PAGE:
Milo's mama, thanks for the update. The fact that there was a relatively clear chest cavity is a good sign. It may help to narrow down the possibilities of what the "mass "actually is, and whether or not the lack of fluid in the chest cavity changes the appearance and size of this" mass".Transfer Factor Plus isn't used only when there is a diagnosis of cancer, it's used successfully for many other conditions and illnesses besides . It supports the immune system( always important when there is an illness) and can strengthen an ailing pet. What's more, for all of this, it's non-toxic. You are fortunate that this is availble for you to , at least, consider using because you live in the US.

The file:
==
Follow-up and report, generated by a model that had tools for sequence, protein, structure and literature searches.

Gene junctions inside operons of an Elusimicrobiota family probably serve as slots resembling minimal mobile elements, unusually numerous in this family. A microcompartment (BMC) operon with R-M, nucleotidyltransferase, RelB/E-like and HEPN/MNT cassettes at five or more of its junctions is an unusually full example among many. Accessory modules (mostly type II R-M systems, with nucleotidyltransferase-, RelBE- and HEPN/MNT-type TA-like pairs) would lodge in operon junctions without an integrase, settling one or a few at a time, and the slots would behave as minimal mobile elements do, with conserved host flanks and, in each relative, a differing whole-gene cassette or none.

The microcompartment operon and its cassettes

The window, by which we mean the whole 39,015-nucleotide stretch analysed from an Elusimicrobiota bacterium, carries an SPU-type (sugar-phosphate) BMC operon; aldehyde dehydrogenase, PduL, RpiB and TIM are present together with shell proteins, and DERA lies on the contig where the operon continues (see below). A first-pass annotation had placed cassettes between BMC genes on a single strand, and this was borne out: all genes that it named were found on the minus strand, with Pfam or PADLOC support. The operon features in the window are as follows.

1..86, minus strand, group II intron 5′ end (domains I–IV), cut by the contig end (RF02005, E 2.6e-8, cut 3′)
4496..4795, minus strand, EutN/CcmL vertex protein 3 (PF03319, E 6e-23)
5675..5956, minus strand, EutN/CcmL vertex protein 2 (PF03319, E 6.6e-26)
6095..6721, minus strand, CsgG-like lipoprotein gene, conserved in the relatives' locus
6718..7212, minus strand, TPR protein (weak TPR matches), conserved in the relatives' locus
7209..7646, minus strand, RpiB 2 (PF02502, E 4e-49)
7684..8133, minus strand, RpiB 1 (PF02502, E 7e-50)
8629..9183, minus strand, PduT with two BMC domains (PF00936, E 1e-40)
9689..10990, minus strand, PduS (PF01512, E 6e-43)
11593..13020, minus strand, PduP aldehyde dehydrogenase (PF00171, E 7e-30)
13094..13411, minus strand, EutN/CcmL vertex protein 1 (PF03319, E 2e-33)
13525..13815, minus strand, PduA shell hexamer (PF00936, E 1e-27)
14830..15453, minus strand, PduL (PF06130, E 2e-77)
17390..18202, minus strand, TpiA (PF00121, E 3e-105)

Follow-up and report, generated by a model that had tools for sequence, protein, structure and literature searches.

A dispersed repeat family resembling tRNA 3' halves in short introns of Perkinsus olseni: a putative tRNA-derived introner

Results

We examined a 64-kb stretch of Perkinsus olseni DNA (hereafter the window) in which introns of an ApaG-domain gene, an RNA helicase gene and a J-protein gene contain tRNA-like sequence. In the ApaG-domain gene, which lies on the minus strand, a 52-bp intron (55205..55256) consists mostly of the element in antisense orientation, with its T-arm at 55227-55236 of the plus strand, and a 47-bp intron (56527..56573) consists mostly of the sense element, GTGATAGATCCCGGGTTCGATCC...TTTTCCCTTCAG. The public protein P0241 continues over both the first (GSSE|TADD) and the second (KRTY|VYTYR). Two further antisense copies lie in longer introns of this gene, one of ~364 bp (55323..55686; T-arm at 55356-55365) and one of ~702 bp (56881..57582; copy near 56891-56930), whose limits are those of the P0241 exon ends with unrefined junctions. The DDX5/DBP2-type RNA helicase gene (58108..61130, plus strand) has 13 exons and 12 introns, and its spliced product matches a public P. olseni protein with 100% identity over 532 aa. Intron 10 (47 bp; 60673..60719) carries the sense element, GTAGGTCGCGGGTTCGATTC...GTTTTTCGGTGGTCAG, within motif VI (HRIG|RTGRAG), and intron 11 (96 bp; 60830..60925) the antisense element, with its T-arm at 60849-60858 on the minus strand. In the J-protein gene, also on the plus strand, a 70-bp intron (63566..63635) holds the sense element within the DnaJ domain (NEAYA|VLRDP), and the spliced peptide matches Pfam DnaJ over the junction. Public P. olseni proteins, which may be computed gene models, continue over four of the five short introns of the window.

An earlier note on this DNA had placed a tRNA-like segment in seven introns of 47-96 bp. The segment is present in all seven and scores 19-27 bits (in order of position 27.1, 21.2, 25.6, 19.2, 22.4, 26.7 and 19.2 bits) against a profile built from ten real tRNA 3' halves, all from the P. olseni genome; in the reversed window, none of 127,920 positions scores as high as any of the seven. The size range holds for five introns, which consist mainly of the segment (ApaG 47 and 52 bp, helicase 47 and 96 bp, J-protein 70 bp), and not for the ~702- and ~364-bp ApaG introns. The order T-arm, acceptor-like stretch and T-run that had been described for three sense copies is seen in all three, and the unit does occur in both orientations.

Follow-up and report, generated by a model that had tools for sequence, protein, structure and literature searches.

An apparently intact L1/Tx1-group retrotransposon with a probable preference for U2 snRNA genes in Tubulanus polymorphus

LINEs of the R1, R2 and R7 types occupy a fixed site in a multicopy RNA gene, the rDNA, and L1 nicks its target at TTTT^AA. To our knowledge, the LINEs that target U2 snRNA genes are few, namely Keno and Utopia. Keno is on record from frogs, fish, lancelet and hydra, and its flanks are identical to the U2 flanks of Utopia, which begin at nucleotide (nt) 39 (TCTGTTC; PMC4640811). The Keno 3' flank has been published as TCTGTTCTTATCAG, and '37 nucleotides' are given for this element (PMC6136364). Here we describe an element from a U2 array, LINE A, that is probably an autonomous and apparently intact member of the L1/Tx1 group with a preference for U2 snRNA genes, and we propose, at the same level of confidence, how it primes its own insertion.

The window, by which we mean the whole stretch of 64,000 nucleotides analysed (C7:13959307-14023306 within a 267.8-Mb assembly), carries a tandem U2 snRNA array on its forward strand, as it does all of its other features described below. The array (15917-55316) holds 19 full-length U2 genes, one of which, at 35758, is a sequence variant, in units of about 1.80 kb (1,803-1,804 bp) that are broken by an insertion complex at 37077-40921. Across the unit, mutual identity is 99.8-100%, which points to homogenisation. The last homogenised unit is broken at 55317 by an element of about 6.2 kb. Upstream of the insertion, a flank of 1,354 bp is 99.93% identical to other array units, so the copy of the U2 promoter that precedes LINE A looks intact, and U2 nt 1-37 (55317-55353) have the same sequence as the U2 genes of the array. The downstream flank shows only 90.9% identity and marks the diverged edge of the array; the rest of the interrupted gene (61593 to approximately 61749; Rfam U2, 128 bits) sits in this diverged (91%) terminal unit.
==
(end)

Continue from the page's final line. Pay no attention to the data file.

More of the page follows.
CyberKitten
October 18th, 2005, 02:31 PM
There is no product yet to have an "even curative for various forms of cancer" as was suggested here. I would be jumping for joy is one existed - needless to say - and would gladly be rid of the hassle of all those bureacratic forms for our cancer protocols but my point is to please be careful when assessing what many call alternate treatments. Even tho the FDA and here, Health Canada, is not always perfect and sometimes I wonder what they're thinking - thy do for the most part get it right. Now if pharmacutical companies were less the creatures we are, that would be wonderful too. But one has to be extremely careful in assessing a product with ony anectodail information. And alas, such products are not regulated so one does not even know what you are buying.